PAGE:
Resident evil is not just a game, in my family, it’s a religion. My brother, sister and myself have played multiple versions of the games on multiple consoles, multiple times. Collectively we have accumulated thousands of hours of resident Evil Gameplay beaten us each of us have achieved our own moments of greatness over our history with the games.
My brother was the master of puzzles able to figure out, my sister was the first of us to defeat RE 4 on professional, slaying the U3 with ease. (My brother and I died multiple times attempting this) and I was the first in my family to complete RE2 four times though with both Leon and Clair on the hardest difficulty.
Growing up with Resident Evil became a bonding experience between me and my siblings due to our shared goals and collective struggle. We discussed the best weapons and tactics for survival (save the machine for play though B, to use against the tyrant), how to solve the water puzzle, buy the RPG to save ammo when going to face the first El Gigante and of the best human sacrifices for survival.
It is because of feeling like that, that I have stayed with the resident Evil franchise my whole life. Wether it was running from zombie dogs, being poisoned by giant plant, or facing off with nemesis himself I loved Resident Evil and the rush that came with the game, that crazy rush of stress and fear, that is only offset by the highs of success against great odds.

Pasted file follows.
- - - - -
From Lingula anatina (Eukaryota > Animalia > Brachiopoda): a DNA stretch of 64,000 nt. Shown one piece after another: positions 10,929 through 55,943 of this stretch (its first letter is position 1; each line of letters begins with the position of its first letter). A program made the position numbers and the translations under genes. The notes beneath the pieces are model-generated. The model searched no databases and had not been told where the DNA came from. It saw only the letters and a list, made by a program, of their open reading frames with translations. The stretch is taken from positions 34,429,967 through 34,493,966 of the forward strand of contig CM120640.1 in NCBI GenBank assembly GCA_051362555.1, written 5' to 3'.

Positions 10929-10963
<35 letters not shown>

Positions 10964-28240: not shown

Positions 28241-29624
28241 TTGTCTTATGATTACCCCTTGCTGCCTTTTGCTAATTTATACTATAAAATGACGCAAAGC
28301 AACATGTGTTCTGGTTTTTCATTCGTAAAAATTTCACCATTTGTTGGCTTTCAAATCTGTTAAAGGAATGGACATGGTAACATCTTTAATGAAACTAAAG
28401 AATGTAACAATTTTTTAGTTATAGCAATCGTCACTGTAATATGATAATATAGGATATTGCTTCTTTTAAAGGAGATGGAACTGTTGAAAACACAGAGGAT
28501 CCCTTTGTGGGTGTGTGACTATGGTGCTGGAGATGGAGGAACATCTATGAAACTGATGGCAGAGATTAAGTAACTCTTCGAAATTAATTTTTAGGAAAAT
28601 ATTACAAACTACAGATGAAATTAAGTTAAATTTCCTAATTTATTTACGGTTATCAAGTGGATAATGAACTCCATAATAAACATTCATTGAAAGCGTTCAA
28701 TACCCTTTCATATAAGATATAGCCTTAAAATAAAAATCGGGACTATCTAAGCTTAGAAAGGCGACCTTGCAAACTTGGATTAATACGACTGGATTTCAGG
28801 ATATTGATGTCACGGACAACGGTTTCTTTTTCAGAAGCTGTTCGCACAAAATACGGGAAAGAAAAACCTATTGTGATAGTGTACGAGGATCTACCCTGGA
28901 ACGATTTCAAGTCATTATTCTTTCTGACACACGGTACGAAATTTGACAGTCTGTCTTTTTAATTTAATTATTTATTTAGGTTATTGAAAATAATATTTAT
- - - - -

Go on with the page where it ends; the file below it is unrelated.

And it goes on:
Resident Evil is sprinting and dodging though an eerie hallway full of zombies, shooting a licker in the face with your last shotgun shell and standing your ground against impossible monsters…all to get the god dam Club Key
And this, ladies and gentlemen brings me to my most anticipated game of 2012: Resident Evil 6. As I have grown, so too has the Resident Evil series. With RE4 came a whole new experience: New smarter enemies, stunning new graphics and a whole new control scheme Resident Evil 4 was a breath of fresh air to the series.
Resident Evil 5 followed this and although a good game, it was not what I had come to love in the Resident Evil Series. It’s hard to have an atmosphere of fear in a sunny African village. (RE 5 is a whole other blog.)
From what I’ve seen of RE 6, it seems to be trying mesh both old and new, which I think is a great idea as I’ve been missing me some zombies! That and this can help breach the gap between classic and new Resident Evil Fans, similar to how Nemesis meshed Brads face with his hand…
Having said this, I hope that with the reintroduction of old enemies, that this also reflects an effort on the series part to bring back some of the tension and scares of the past. Being able to move and shoot, doge and roll empower the player to a great degree and this in turn needs to be offset by more dangerous enemies and a more terrifying atmosphere. From what I have seen of the game, it seems that Capcom is striving to achieve this and, as a fan of the series, I can only hope they succeed.